Showers Pass Ultralight Wind Jacket: Quick Review – by Guitar Ted
With cooler mornings turning into hot afternoons, the timing of this review for Showers Pass’ Ultralight Wind Jacket couldn’t have been better. The Ultralight Windjacket is also packable, so that makes things that much better. Let’s take a quick look at the features and then I’ll get to what is good and maybe not so good with the Ultralight Windjacket.
What It Is: The Ultralight Windjacket is Showers Pass’ answer for those looking for a garment to take the edge off cool breezes and chilly air. The pack-ability aspect of the Ultralight Wind Jacket adds to the versatility allowing the wearer to quickly stuff the jacket in the provided pouch or into a jersey pocket or a bag on the bike easily.
The jacket is, as the name would suggest, very lightweight. The jacket goes 194 grams on my digital scale in its stuff-sack, size 3X tested. The retail pricing on the Ultralight Wind Jacket is $96.75USD. Following are the features Showers Pass lists for this jacket.
- Ultralight nylon ripstop fabric
- Zippered hand warmer pockets
- Reflective accents on the back and zipper pulls
- Packs into included stuff sack
- 5.3 oz / 150g in size medium
- DWR helps repel light rain, splashes, road spray
First Impressions: The sizing chart led me to requesting a 3X size jacket and when it arrived I found that it fit…..generously. This is definitely not an “athletic” fitting wind jacket. In my opinion that’s perfectly fine, and probably a good thing, given that most cycling gear is fitted to an idealized stereotypical athletic cyclist. Which, let’s be honest here, is a stereotype most cyclists don’t “fit into”. So, the bottom line here is that the fit is probably not going to satisfy the racer who is wanting a more aerodynamic fit, but for most folks this garment will be found to be quite comfortable and accommodating. By the way, the size chart was an invaluable resource and was very helpful here.
Beyond that the Red Orange color I received is eye-catching. (There is a Sky Blue option also) The arm length is spot on for a cyclist. Plenty generous in that department. The collar covers the neck well and there is an extra “weather-flap” that prevents wind from cheating its way through to the sensitive neck area. The two outer zippered pockets are large and positioned well. There are two inner “kangaroo pouch-like” pockets that are positioned right behind the outer hand pockets. Strange, but there they are.
I found that the fabric was rather soft and supple with a comfortable “touch” against the skin. The side panels are stretchy and breathable, a nice detail. The zipper pulls are a bit undersized for a gloved hand though, but they are there. More on that in my “Good-Not So Good” list below…..
- The jacket is very comfortable when on. Both standing and in a cycling position. The fabric doesn’t feel stiff, plasticky, or otherwise weird on the bare skin.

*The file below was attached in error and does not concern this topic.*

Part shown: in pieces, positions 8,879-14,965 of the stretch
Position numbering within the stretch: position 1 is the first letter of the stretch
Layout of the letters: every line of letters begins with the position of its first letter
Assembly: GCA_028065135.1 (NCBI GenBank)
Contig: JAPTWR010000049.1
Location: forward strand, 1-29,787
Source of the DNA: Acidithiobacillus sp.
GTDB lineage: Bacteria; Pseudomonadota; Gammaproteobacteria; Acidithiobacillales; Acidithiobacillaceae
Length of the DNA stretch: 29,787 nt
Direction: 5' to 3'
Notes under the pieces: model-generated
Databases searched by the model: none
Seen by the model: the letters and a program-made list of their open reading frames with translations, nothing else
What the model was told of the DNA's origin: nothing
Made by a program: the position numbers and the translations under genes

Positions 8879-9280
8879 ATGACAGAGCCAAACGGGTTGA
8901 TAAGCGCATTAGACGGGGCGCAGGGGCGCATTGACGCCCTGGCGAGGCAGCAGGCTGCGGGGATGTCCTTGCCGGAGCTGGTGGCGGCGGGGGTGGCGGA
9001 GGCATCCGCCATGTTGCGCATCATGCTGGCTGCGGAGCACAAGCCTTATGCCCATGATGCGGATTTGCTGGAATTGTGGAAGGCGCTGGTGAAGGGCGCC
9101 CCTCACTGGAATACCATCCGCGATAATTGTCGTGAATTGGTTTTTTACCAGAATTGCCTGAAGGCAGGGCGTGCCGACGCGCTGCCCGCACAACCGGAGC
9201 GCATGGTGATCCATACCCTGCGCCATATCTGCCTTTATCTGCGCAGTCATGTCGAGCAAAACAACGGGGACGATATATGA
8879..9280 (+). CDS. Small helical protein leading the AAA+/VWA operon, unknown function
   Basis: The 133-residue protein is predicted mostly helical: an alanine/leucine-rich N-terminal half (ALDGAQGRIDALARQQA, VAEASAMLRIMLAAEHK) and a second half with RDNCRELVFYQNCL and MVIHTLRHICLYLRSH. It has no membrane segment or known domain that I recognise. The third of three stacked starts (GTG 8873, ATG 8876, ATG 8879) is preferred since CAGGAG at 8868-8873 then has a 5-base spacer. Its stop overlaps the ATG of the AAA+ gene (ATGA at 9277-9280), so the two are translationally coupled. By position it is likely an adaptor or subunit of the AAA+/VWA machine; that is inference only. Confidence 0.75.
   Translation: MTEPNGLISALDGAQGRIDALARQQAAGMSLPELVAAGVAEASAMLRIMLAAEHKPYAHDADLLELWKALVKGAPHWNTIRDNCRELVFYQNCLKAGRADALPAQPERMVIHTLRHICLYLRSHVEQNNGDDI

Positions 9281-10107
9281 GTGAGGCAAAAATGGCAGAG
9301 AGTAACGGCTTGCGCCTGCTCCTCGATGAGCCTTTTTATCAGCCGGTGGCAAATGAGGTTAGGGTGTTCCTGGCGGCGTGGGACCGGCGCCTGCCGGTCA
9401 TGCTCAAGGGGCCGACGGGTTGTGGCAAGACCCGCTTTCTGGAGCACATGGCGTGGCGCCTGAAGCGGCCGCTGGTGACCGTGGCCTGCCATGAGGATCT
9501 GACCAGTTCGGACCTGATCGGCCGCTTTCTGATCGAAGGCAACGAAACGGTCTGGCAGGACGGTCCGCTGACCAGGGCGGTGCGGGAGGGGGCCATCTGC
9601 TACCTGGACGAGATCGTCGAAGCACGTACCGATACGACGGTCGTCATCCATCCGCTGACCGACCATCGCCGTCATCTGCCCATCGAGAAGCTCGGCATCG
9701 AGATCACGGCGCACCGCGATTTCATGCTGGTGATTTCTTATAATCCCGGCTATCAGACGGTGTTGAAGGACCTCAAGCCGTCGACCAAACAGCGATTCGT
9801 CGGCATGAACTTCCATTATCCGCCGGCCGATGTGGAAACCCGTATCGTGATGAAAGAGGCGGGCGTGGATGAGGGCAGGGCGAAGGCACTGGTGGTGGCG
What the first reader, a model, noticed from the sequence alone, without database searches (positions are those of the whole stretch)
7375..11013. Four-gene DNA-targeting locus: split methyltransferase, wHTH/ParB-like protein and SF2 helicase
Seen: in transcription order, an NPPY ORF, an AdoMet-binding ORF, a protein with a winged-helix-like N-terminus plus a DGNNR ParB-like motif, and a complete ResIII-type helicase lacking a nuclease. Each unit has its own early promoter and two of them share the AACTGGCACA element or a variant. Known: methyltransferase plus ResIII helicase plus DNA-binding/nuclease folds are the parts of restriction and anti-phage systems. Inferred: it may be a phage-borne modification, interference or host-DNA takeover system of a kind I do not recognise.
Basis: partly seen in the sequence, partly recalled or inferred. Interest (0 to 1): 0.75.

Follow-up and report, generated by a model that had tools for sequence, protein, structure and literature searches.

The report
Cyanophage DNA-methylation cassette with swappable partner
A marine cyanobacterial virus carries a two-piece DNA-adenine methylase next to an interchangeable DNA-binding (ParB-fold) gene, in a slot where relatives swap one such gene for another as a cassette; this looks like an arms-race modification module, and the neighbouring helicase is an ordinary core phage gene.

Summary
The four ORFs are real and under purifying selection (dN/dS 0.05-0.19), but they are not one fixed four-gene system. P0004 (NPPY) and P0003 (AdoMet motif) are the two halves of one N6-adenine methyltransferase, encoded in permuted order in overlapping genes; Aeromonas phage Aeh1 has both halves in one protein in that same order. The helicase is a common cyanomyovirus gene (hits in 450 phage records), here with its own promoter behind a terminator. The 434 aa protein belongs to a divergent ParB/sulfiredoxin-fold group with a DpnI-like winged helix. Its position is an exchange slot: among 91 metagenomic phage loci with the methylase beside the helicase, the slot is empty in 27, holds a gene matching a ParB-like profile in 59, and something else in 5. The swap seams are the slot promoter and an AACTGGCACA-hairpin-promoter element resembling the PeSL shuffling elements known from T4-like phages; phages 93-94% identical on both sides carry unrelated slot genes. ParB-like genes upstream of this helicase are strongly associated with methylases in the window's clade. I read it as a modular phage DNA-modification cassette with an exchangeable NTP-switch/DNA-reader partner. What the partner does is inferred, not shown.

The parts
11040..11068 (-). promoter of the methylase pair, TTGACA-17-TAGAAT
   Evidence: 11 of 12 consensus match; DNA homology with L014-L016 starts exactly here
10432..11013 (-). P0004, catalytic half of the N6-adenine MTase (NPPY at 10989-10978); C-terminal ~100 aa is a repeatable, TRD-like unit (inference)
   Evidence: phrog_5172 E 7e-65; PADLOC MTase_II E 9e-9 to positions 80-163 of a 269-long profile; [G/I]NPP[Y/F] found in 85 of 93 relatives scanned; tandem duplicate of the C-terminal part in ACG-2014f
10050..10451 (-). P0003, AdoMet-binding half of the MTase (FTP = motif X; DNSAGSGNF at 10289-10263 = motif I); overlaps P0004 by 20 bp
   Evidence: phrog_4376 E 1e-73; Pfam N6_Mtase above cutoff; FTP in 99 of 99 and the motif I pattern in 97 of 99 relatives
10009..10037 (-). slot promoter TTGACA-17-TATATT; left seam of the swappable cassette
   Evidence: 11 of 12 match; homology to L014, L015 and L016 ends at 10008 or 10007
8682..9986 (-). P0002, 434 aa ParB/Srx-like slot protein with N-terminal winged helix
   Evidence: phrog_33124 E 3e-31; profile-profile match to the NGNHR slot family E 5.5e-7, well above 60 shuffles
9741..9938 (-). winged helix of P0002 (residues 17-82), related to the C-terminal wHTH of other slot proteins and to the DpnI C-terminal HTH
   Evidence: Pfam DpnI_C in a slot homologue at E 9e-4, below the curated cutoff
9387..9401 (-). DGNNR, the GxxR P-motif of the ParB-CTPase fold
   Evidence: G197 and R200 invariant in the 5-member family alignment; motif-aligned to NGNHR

- The hand pockets are generously sized and very nice to have. The do unzip and zip up nicely.
- Long enough sleeves means no exposed wrists while riding.
- I didn’t get over-heated easily while riding in this jacket.
- The upper “flap”, weather guard thing (?) causes the zipper to come to a dead stop and has to be carefully manipulated to get the zipper all the way way up to seal off the collar area. Not an ideal situation if you wanted to zip this up while riding. Oh, and while I’m here, I’d like bigger zipper pulls for gloved hand operation.
- While the generous sizing is welcomed, there is no way to pull the hem at the bottom of this jacket tight against the body which may allow wind up under the jacket. This also causes the bottom part of the jacket to “flap” more in the wind than it might if there were a draw-string on this jacket.
- The inner pocket positioning is odd. Carrying anything in it makes the cargo sit against the lower part of the abdomen which is not ideal, especially if you cycle in a more aero position which can allow that cargo to bounce off the top of your thighs while pedaling.
- I would have liked a higher positioned inner pocket for something like a cell phone.
At The Finish: In the end the Showers Pass Ultralight Wind Jacket is a “good” item and mostly because it is so easy to pack away, deploy, wear, and repack, that I would choose it for any longer adventure where I was expecting cooler, windy conditions. In its intended role, the Ultralight Jacket does what is expected. It’s light, for sure, keeps wind off you, and fits and feels well enough that I have no real “deal-killer” issues with it. I can imagine this being a great jacket on a tour where you might need it not only for cool mornings/evenings, windy days, but also for those times you are standing around mid-ride repairing something or for a stop of any kind.
I do think it is a miss for this jacket to not have a waist drawstring, or any way to secure the lower hem to keep it from flapping in the winds. My other nits are less egregious, but if you can get by without having a drawstring at the waist, then this jacket gets a higher recommendation from me. And as I said, I would still choose this as a portable apparel item that I can break out and utilize when conditions call out for a wind jacket.
If you are in that majority of cyclists that doesn’t fit the mold of the athletic, racer-type and would like a roomy wind jacket that doesn’t make you feel self-conscious, then this jacket should be high on your list to check out. It is very packable, light, and this makes this jacket worth consideration for many adventurous cyclists who are looking for a good way to ward of winds and chilly air.
Note: Showers Pass sent over the Ultralight Wind Jacket for test and review for no charge to Riding Gravel. We were not paid nor bribed for this review and we strive to give our honest thoughts and opinions throughout.